“I’ve really developed a passion for finance and real estate, and after graduation I’ll be going straight into the Master of Real Estate Development degree program in the W. P. Carey School of Business,” Quiroz said.

The nine-month program is offered in partnership with ASU’s Sandra Day O’Connor College of Law, Herberger Institute for Design and the Arts, and Del E. Webb School of Construction.

He reflected: “The field meshes well with my work in the military and years spent earning the U.S. government's highest levels of trust.”

Quiroz answered some additional questions about his ASU experience. 

Question: What’s something you learned while at ASU — in the classroom or otherwise — that surprised you, that changed your perspective?

Answer: I've learned that success is truly relative and that everyone has the right to be proud and empowered by what they've accomplished. The same principle applies with the individual struggles we each have. My proudest accomplishments in life aren't the accolades achieved in my service but in being able to successfully help my mother and father out of their poverty.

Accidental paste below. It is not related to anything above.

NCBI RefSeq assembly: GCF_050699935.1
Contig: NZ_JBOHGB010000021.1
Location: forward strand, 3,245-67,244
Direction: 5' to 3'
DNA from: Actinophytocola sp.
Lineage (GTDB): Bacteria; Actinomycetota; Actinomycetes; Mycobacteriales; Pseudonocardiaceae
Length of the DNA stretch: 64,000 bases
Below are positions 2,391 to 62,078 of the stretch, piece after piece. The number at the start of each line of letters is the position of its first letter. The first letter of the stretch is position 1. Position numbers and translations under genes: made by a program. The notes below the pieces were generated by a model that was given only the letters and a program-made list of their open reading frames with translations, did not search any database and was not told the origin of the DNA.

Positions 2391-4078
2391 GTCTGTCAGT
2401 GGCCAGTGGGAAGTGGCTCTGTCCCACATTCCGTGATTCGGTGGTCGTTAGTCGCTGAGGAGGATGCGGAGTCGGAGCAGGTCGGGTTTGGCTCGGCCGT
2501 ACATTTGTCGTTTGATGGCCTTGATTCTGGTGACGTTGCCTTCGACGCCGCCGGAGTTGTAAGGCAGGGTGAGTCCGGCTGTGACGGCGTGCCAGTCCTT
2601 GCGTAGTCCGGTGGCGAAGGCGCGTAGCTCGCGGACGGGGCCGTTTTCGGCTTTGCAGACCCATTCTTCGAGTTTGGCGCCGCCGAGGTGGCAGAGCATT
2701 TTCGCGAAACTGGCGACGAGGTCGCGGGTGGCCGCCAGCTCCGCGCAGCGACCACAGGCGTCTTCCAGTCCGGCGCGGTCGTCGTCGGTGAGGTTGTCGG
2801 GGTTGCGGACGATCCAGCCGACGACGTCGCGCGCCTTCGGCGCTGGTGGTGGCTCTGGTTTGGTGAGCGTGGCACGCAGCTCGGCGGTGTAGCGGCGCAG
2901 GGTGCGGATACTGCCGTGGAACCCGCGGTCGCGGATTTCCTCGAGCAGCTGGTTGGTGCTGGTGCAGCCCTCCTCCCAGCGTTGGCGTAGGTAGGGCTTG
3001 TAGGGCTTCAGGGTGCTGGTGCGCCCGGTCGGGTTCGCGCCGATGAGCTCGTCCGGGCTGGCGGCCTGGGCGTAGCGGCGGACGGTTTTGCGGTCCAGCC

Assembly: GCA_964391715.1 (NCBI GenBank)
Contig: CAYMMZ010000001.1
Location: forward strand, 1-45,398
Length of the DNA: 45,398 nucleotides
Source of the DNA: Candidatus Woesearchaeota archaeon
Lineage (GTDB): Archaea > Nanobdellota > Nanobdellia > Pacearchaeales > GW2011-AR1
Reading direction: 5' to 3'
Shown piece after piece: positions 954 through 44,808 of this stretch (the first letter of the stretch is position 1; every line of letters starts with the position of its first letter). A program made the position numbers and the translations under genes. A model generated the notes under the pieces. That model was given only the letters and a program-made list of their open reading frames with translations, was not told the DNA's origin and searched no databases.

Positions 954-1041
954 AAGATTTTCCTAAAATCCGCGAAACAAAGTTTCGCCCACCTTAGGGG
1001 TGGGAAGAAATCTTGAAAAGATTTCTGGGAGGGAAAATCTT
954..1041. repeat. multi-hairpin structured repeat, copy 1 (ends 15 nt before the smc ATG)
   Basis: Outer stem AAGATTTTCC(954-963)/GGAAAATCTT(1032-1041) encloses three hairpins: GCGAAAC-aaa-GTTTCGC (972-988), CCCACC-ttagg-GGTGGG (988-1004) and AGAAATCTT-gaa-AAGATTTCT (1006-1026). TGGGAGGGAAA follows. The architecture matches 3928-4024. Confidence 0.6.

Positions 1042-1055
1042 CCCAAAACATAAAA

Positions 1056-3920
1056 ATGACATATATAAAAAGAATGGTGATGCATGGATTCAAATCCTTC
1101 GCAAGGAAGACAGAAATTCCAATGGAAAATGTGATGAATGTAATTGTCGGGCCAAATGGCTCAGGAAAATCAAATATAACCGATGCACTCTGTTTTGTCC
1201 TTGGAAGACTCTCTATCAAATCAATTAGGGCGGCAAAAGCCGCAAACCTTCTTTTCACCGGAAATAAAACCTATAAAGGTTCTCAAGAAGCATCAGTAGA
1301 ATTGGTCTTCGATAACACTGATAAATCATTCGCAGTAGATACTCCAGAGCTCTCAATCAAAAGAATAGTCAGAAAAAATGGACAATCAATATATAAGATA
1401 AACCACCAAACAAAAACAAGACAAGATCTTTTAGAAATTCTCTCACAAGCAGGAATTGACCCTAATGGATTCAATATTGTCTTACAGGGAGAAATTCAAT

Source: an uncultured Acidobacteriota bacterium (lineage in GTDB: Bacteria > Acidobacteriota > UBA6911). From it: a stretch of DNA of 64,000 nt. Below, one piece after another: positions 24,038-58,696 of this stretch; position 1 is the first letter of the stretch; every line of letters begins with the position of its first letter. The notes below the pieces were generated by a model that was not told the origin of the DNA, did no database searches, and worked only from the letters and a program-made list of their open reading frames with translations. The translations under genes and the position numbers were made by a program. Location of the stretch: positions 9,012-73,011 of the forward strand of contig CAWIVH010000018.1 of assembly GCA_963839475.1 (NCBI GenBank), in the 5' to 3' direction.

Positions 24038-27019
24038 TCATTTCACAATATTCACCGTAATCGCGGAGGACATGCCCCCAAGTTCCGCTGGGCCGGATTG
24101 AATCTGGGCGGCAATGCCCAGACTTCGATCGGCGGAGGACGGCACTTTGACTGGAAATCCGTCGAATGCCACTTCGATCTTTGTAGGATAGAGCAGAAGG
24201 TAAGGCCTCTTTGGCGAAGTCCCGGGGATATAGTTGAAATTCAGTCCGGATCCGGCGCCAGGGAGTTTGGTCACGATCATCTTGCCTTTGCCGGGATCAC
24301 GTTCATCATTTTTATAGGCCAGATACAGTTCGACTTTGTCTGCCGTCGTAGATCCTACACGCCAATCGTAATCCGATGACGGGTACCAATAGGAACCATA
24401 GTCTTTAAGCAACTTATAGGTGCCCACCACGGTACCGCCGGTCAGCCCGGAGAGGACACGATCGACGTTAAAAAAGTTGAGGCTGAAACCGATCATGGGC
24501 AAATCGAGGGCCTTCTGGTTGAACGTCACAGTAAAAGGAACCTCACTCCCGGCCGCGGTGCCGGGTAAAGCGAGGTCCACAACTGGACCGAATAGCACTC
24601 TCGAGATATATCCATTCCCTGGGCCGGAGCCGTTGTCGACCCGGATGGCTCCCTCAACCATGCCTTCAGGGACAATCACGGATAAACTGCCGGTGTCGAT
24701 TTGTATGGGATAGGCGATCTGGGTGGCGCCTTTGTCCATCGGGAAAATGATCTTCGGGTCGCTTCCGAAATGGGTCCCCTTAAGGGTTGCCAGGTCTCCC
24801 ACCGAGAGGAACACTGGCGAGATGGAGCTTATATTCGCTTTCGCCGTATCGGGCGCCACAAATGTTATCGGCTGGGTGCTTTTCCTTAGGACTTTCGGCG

Q: Why did you choose ASU?

A: I chose ASU because the online degree programs allowed me to study while living in different countries. I've come to learn that ASU Online is among the best of its kind, and I was glad that it accommodated the life of this Marine. 

Q:  What’s the best piece of advice you’d give to those still in school?

A: Transitioning from the online program to Tempe campus has shown me unique challenges. The freedom that came to me after military service was hard to get used to. I ended up getting distracted and sometimes too focused on little things to see the bigger picture. In the end I realized — and focused on — the underlying reason why I was here and what I wanted to accomplish. I think being able to take a step back, see the big picture and reassure yourself that you’re heading down the path you designed is important, too.

Q:  What was your favorite spot on campus, whether for studying, meeting friends or just thinking about life?

A: My favorite spot on campus is Small Gym E in the Tempe campus Sun Devil Fitness Complex. It’s there that I train in mixed martial arts with the MMA Club that I founded at ASU last year. Since then, I've come to meet a lot more friends who share the same passion as I do. 

Q: Did you do an internship related to your major?

A: Yes, I did. I kept myself busy. During my time at ASU Tempe campus I've done non-paid internships with a commercial real estate brokerage firm and a real estate finance company. And to keep up with the bills, I also worked part-time jobs at night and on weekends.